Throughout the preparation for the 2015 World Cup, the then France coach Philippe Saint-Andre hosted six of the nation’s high cooks to the squad’s coaching base at Marcoussis. What was served to the gamers was studiously reported by an envious French press: lobster medallions, stuffed potatoes, inexperienced bean salad with foie gras and peaches. And that was only for starters. Subsequent had been two wild salmon – eight kilos every – accompanied by a salad of peas, feta cheese and mint. A short respite after which got here the foie gras soup with oysters, adopted by a cassoulet and varied barbecued meats. Dessert consisted of a buffet of delicacies together with chocolate truffles and lemon meringue tarts. “We ate and laughed with them,” mentioned one of many cooks, Yves Camdeborde. “It was like a picnic with associates. After midnight, there was nothing left to eat.”
The following time France had been that stuffed was within the quarter-final, thrashed 62-15 by New Zealand. One imagines that the All Blacks didn’t prepare for the 2015 World Cup on foie gras and lemon meringue tarts.
The bond between French gamers and their meals stays, and incessantly the cash gamers make from the game is invested in eating places
France usually are not so decadent below Fabien Galthie’s regime, which matches some to explaining why the Bleus are fitter than they’ve ever been. The times are gone when France would invariably wilt within the remaining quarter of matches as all these chocolate truffles caught up with them.
Nonetheless the bond between French gamers and their meals stays, and incessantly the cash gamers make from the game is invested in eating places. Xavier Garbajosa, Clément Poitrenaud, David Attoub, Frédéric Michalak, William Servat, Fabien Pelous, Pascal Pape and Jean-Luc Sadourny are simply among the Bleus who’ve in some form or type entered the restaurant commerce.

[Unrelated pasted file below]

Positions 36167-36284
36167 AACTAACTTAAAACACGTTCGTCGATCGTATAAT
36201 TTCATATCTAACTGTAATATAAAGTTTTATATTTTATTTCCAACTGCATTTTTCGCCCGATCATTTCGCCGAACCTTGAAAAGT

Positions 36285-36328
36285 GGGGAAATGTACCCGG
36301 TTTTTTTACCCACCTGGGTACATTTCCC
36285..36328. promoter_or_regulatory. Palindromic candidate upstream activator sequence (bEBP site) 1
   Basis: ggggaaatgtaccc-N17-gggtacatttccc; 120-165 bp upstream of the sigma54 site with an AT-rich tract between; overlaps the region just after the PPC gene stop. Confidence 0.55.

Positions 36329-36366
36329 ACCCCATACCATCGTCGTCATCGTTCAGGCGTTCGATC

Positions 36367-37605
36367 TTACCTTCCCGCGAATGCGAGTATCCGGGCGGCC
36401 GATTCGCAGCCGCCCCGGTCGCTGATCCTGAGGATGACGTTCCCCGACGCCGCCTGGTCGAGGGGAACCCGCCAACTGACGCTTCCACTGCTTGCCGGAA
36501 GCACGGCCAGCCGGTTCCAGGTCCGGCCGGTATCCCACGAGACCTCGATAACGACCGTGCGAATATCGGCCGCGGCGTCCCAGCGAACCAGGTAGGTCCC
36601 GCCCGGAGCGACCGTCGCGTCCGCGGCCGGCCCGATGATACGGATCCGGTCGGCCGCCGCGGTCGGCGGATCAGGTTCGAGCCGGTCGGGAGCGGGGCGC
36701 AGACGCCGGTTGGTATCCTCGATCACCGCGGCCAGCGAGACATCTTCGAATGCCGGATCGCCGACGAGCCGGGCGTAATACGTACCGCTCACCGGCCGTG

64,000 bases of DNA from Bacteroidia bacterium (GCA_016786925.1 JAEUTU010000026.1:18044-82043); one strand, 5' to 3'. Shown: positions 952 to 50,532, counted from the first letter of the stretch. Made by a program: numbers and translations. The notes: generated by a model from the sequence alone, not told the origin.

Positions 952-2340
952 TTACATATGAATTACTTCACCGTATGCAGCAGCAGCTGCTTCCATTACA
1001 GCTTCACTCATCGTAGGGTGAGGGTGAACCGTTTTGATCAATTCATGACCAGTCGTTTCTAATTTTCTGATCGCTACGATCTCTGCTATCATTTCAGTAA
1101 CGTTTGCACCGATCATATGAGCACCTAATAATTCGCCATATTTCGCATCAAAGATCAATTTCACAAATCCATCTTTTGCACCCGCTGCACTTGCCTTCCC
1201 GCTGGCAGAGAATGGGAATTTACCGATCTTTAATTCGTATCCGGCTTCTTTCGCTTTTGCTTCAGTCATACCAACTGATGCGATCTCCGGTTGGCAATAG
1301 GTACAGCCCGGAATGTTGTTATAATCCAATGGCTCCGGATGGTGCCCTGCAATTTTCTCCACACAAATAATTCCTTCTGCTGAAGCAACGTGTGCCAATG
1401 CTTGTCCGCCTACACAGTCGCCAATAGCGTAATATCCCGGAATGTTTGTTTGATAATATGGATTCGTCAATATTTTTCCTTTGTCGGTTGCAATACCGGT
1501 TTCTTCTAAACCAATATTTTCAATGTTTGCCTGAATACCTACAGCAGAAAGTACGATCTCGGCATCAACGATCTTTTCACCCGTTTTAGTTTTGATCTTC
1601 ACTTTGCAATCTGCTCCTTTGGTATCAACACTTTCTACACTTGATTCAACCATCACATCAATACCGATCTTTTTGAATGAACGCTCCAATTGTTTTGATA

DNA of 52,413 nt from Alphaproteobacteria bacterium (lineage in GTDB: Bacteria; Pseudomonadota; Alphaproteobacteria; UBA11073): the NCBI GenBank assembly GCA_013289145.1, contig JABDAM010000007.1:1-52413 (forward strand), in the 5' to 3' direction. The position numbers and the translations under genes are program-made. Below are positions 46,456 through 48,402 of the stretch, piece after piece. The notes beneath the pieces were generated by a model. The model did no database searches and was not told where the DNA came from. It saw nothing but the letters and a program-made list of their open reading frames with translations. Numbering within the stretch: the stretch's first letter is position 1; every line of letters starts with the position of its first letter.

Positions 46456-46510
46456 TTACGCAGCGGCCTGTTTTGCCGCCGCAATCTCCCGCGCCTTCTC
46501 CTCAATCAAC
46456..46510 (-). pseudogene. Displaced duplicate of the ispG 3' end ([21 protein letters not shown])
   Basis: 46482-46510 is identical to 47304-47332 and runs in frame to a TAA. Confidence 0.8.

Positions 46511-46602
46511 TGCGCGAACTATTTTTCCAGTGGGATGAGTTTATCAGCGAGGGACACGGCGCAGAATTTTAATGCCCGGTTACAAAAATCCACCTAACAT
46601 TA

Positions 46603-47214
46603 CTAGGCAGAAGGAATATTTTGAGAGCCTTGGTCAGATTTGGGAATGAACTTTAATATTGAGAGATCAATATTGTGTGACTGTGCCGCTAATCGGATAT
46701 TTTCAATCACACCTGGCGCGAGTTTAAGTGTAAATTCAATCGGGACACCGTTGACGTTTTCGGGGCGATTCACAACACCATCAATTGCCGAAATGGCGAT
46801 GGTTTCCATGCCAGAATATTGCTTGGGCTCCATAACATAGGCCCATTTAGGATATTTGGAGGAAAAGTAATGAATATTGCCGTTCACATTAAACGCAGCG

A few of them fail spectacularly, comparable to Michalak’s ‘64’ restaurant, which was launched in 2010 however lasted simply eighteen months. One other high-profile participant who was unable to switch his expertise on the rugby discipline to the restaurant commerce was Jean-Pierre Rives.
However, Patrick Soula, a member of the Toulouse squad within the Nineteen Nineties, opened his first restaurant – ‘Tommy’s Diner’ – in 1993 and he now has an extra ten with a complete workers of 400.
Jean-Marie Cadieu, a former teammate of Soula’s, who gained 12 caps for France within the second row, ran a restaurant for 20 years in Toulouse. “There are not any secrets and techniques within the restaurant enterprise,” he mentioned. “To succeed, as in skilled rugby, you must study the commerce after which dedicate your self 100% to it. Prospects are fooled two or 3 times, hardly ever extra, by the jokers who simply put their identify on an indication and are by no means there.”
There’s a lengthy custom of farming in French rugby, from the Spanghero brothers to the nice prop Jean-Pierre Garuet, hooker Daniel Dubroca, by means of to prop Jérôme Rey, a member of the present Lyon squad
However the hyperlink between meals and rugby in France is extra profound than the restaurant commerce; its roots are within the soil itself. One of many official suppliers for this 12 months’s World Cup is a union of French agricultural cooperatives. When the deal was introduced, the then match organiser, Claude Atcher, declared: “That’s the place rugby comes from: from these areas the place custom is dared, the place each gesture is a part of the respect for nature and the celebration of its excellence.”